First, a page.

By Matthew Longacre
In an Oct. 31 column, several arguments were made as to how investing in alternative energy and extracting more oil from the U.S. would make the Middle East irrelevant.
The author of the said article fundamentally misunderstands the nature of energy markets, international politics and world instability. It is nearly impossible to sum up the many fallacies of this piece in 500 words, but I will focus on the most significant offenses.
First, the author fails to understand the nature of energy markets. He suggests that we simply need to “stop buying oil.” Oil operates on a world market where prices are set by manipulated supply in the Organization of the Petroleum Exporting Countries.
Simply increasing U.S. oil drilling, which would only allay about 3 percent of our foreign energy needs, would do almost nothing to world oil demand and price.
The moment we cut off oil imports, our Strategic Petroleum Reserve would last about 60 days. Beyond that, including offshore oil, there are at least 23 billion barrels of oil under U.S. territory (that we know of).
Even if the U.S. could somehow get its hands on all of that oil in one fell swoop (which is impossible) and add to the 700 million barrels in the reserve, we could only sustain our current rate of consumption for about three years before running dry.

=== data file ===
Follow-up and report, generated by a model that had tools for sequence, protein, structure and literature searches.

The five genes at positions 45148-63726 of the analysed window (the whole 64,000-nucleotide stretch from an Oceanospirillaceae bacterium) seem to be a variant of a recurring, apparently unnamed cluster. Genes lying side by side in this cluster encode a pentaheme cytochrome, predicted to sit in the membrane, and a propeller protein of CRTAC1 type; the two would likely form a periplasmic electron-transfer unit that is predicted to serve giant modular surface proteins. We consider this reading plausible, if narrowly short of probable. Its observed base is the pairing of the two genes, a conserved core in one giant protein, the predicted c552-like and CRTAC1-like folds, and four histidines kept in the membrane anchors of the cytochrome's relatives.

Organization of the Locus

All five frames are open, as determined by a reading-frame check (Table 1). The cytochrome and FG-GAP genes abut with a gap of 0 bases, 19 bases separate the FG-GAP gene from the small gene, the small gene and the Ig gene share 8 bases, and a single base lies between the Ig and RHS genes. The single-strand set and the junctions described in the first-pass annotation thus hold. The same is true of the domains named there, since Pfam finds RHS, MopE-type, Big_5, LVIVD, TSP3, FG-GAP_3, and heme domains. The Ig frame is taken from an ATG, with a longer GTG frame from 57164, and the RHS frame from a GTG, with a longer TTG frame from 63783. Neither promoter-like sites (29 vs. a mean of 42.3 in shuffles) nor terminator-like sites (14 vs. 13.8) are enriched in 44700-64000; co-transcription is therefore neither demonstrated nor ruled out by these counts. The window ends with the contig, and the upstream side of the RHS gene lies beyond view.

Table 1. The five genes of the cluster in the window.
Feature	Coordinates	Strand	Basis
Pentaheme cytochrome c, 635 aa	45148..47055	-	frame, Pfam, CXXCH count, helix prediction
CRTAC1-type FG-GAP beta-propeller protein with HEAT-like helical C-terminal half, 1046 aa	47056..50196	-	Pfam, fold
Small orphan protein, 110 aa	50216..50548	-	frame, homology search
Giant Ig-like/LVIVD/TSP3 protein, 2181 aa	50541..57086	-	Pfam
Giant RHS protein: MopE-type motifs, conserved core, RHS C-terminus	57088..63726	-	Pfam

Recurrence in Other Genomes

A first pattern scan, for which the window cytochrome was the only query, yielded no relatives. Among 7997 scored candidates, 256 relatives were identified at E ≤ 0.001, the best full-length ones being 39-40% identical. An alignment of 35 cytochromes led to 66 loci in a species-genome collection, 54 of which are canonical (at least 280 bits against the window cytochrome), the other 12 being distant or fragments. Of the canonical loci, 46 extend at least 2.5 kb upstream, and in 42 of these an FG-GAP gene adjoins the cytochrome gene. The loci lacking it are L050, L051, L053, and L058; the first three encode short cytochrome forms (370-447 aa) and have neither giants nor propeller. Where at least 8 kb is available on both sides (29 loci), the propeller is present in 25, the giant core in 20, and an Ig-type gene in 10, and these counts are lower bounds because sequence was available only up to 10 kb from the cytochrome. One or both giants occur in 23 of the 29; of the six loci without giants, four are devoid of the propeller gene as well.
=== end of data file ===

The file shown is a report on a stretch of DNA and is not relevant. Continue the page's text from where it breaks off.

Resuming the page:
Additionally, to believe that alternative energy research will produce a meaningful alternative to oil within the next 50 years to such an extent that the U.S. no longer imports oil is a laughable statement.
At best, analysts simply hope to produce enough alternative energy to last the impending “energy slump” where traditional fossil fuels run out and new technology must be developed to extract heavy and shale oil.
Second, the author seems to suggest, by eliminating U.S. dependence on foreign oil, we will somehow prevent transnational terrorist organizations from receiving funding and causing harm abroad. What he fails to understand is that the biggest difficulty of developing such an organization is not finding funds (Qassam rockets, improvised explosive devices and AK rifles are cheap and readily available), but rather finding recruits.
Deliberately destroying an economy would create the type of instability that allows despotic organizations like Al-Shabbab to take control. A more appropriate response to transnational terrorism is a combination of counterinsurgency policy, economic diversification and empowering of civil society.
The author only seems to leave us with two policy options.
We either make a gradual transition over the course of the next century, or more off foreign oil to alternative energy and shale oil, with Middle East economies responding with various pricing strategies and an eventual transition to a new source of revenue.
Or we attempt to forcibly end our imports of oil, destroying the U.S. and world economy and killing millions in the ensuing economic crisis.
Neither will eliminate terrorist organizations — and neither will make the Middle East irrelevant.